Your Quarantine Routine
From the Brain Health experts behind HEIGHTS smart supplement.
In these anxious, uncertain times; having a schedule and sticking to it can make an enormous difference to how we adjust to our new working-from-home lives.
The experts behind Heights Smart Supplement have put together a ‘quarantine routine’ that has all the essential elements you need to keep you ticking along, and as calm and nourished as possible in these unstable and stressful times.
Remember, if you make your brain your priority, everything else will follow!
7am – Wake Up
Whilst it would be so easy to stay in bed a bit longer at the moment; messing with your circadian rhythms messes up pretty much every other rhythm in your body, states Heights’ Sleep Specialist, Sophie Bostock.
7.30am – Meditate
Natalia Bojanic Founder of Form & Meditation Teacher offers this advice: “A regular meditation practice is a way to train your attention and keep you alert and awake. A cluttered mind leaves little room for creative thinking, therefore we must use techniques to enhance our ability to make wise decisions.”
8am – Breakfast
Remember, you’re not at work yet, so eat away from your emails and please (if at all possible) avoid the news and social media for now – we’re inundated enough!
The Heights team have some brain-friendly breakfast suggestions HERE
8:30am – Commute
“Commuting” is key – even if you don’t need to move more than a few paces to get to your desk. Get some fresh air, and take yourself out for a walk before you start your day to make the transition from “home” to “work”.
Professor Shane O’Mara, author of ‘In Praise of Walking: The New Science of How We Walk, and Why It’s Good for Us’ suggests, “Walking acts as a self-repair mechanism for the brain & body. Regular walking stimulates the production of molecules promoting brain health, and even brain resilience to the effects of chronic stress.”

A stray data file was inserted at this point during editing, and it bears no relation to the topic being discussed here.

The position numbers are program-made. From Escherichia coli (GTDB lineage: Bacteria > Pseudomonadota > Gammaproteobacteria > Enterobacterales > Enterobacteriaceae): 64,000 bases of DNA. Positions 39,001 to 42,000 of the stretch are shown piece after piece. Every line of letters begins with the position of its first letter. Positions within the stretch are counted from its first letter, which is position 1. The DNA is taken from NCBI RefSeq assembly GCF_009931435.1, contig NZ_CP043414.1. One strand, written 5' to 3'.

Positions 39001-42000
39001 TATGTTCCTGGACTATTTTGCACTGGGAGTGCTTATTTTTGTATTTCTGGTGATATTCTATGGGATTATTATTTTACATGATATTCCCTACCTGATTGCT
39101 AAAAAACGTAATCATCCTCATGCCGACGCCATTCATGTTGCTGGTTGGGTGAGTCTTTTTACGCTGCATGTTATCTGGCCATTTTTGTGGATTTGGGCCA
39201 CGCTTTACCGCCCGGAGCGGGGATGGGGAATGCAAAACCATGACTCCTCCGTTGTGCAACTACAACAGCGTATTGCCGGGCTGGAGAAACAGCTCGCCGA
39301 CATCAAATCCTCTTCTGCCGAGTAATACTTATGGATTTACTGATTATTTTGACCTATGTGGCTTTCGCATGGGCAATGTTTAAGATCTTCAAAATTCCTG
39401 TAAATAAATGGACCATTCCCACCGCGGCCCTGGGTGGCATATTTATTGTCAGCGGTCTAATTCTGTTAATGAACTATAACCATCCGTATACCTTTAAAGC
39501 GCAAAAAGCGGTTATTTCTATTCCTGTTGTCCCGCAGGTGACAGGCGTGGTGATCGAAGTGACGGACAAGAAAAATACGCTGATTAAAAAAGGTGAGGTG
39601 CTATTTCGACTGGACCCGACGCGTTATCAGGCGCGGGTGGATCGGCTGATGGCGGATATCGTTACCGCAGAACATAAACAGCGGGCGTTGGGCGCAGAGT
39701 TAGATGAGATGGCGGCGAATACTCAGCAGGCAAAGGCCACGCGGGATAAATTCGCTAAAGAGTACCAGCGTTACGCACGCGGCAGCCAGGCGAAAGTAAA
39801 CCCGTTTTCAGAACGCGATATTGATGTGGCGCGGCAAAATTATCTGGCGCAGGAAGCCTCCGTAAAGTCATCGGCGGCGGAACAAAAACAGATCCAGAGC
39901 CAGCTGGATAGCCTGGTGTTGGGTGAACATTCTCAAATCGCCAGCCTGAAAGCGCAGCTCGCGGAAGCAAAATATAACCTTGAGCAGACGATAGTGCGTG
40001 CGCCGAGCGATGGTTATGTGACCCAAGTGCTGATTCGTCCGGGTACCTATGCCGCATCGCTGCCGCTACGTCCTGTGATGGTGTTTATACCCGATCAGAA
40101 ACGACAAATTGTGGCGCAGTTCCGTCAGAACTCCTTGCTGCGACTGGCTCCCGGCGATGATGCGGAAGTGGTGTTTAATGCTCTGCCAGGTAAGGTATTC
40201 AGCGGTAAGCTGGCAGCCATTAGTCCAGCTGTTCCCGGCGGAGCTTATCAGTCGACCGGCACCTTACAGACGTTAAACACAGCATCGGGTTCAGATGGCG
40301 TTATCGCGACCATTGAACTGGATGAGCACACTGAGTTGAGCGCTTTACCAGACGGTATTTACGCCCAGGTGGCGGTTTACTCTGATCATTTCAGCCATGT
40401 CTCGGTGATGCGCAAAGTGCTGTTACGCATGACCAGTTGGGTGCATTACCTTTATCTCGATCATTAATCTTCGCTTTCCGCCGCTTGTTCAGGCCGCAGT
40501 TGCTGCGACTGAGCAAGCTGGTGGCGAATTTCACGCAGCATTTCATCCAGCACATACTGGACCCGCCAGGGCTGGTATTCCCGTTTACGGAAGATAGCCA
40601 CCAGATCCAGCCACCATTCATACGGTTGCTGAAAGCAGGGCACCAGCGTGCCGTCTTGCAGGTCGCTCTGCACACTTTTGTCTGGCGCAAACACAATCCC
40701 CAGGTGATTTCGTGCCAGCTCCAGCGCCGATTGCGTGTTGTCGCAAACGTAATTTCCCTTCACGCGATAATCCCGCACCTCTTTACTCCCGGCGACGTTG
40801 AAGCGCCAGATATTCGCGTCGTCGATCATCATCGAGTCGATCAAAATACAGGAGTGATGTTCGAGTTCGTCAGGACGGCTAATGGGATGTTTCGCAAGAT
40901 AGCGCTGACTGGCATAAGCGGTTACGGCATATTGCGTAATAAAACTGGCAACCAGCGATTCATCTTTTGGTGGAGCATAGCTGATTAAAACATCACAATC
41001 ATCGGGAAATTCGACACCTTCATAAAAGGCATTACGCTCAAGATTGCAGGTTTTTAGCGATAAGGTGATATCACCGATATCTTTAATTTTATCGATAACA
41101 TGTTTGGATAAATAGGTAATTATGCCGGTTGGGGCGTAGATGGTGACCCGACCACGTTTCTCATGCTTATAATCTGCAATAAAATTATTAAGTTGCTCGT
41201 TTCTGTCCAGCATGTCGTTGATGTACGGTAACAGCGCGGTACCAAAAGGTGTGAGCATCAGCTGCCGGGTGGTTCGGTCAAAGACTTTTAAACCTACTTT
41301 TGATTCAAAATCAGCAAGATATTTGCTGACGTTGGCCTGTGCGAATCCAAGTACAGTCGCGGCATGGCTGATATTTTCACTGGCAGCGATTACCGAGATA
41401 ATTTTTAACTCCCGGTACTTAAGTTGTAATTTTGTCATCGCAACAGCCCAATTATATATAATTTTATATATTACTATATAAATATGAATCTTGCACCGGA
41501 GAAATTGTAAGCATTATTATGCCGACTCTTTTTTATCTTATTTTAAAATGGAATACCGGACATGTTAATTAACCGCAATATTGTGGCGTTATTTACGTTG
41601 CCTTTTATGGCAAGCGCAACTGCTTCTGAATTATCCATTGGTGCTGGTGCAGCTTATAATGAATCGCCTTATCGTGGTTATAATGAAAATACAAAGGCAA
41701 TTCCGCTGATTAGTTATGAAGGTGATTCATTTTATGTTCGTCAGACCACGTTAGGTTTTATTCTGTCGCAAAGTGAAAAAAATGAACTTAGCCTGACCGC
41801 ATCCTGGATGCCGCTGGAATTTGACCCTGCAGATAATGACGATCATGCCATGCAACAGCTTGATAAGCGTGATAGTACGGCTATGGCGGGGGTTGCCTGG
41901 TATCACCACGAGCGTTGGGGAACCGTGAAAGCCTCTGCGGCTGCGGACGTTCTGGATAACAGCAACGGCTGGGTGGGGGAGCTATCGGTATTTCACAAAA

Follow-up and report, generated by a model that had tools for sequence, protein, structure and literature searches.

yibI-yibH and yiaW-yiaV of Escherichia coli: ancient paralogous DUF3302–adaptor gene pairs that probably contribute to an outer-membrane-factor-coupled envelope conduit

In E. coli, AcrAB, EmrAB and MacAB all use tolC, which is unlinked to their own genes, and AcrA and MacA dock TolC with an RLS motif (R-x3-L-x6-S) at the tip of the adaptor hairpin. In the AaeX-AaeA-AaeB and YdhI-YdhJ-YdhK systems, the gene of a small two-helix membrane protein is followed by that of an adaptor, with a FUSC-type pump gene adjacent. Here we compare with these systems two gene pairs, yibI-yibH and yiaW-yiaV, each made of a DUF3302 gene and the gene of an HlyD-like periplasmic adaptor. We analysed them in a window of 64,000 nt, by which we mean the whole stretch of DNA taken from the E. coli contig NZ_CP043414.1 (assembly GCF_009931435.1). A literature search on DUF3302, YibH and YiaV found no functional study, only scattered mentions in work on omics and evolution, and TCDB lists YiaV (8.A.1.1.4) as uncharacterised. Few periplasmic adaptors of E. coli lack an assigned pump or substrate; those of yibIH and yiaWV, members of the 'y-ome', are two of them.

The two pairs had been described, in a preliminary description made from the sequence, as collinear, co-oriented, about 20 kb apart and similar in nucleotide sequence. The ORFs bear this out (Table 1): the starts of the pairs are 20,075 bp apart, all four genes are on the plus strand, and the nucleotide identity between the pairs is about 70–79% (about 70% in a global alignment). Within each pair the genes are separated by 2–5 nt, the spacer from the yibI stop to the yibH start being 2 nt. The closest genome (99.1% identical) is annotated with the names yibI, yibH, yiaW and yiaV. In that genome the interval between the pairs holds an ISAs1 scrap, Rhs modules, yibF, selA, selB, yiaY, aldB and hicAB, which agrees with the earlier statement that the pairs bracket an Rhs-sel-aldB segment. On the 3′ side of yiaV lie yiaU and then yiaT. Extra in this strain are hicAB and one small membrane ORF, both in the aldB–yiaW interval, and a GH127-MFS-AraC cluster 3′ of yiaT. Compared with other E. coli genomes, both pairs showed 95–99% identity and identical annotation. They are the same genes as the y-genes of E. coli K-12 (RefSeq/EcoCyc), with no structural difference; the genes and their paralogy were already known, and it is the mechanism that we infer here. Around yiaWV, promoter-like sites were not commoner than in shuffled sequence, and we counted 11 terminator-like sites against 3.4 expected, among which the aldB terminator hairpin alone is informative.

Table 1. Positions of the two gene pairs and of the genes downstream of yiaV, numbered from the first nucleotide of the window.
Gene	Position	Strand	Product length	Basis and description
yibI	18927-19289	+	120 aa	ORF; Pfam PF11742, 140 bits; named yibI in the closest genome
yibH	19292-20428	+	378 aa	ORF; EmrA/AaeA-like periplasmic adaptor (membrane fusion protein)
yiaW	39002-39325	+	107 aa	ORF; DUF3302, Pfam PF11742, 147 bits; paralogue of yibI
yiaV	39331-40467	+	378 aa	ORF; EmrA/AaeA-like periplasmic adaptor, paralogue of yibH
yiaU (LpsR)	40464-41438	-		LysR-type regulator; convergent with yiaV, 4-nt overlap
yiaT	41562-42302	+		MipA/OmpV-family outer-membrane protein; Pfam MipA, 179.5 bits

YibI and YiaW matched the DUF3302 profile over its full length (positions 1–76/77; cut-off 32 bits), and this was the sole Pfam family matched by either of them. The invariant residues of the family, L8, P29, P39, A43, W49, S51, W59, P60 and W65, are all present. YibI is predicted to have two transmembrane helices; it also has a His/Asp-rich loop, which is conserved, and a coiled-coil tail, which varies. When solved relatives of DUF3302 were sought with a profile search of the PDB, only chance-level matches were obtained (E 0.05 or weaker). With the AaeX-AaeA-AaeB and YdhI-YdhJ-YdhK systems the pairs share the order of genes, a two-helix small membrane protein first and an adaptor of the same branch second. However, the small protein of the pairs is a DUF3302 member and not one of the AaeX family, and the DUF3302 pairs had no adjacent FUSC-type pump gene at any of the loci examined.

9am – 12pm – Work Space
Give yourself a designated area that’s solely for work and try to ensure it’s free of clutter and distractions. Make it ‘nice’ (think tidy) with plants and personal items – your favourite mug, perhaps? Ultimately, make it as pleasant for yourself as you can.
Consider when you’re most productive and slot in your most challenging tasks, then. eg. do all your writing in the morning; and admin tasks in the afternoon when you’re less likely to be in a ‘flow’ state.
12pm – Lunch
Have an actual lunch break: We can’t stress this enough! It’s tempting to work through when your laptop is (possibly) in the kitchen, but it’s important to step away from the screen and take time to savour your lunch and think about something else for a while.
1pm – 5pm Manage Stress
Heights’ Wellness Officer, Dr Rangan Chatterjee, states that “Chronic stress can cause havoc on our health and wellbeing. It’s often the root cause of conditions like anxiety, poor memory, inability to focus, gut problems, insomnia, burn-out, depression, high blood pressure, heart disease, strokes and even Alzheimer’s”.
Getting proper nourishment, moving your body, planning your time and prioritising your sleep are all vitally useful tools to help you to control your stress response. And if in doubt: just BREATHE.
5/6pm – Stop, “Commute” and Work Out
It’s important that your house still feels separate from work and it all doesn’t merge into one messy, stressy space, so close your laptop, and put it away, along with other work paraphernalia.
If you’ve not made it into the outside world yet, perhaps go for a walk or run, or do a workout or yoga session at home, to transition out of ‘work mode’. Physical activity is vital for the promotion of happiness, and the management of stress and anxiety.
7pm – Dinner
Whether you’re the next Gordon Ramsey or more ‘beans on toast’, aim to fuel your brain as well as your body. Not every meal has to be a masterpiece, but maybe dust off your cookery books or look for some online inspiration to mix up your meal times.
8-10pm – Relax, Games, Netflix and Chill…
Switch things up regularly to help stave off cabin fever. Maybe arrange a creative date? Or dust off the board games? Also, take the time to reconnect with friends and family for some much-needed social interaction.
10pm – Wind Down
Digital Behaviour Expert Damian Bradfield reminds us that excessive screen time can lead to impaired emotional processing, attention span, decision making and control. He suggests to give yourself a tech-free hour before bed to calm down, wind down, and prepare your brain for sleep.
11pm – Sleep
“Even a cheeky 10-minute nap can improve mood and memory“, according to sleep expert Dr Sophie Bostock, who also states that a lack of sleep can affect some fundamental human qualities, such as emotional balance, self-control, and learning and memory.
Heights’ Smart Supplements contain key nutrients for optimised brain health; including 18 vitamins, 25 blueberries and DHA Omega 3 Oils, and are conveniently delivered to your letterbox, via a flexible subscription service.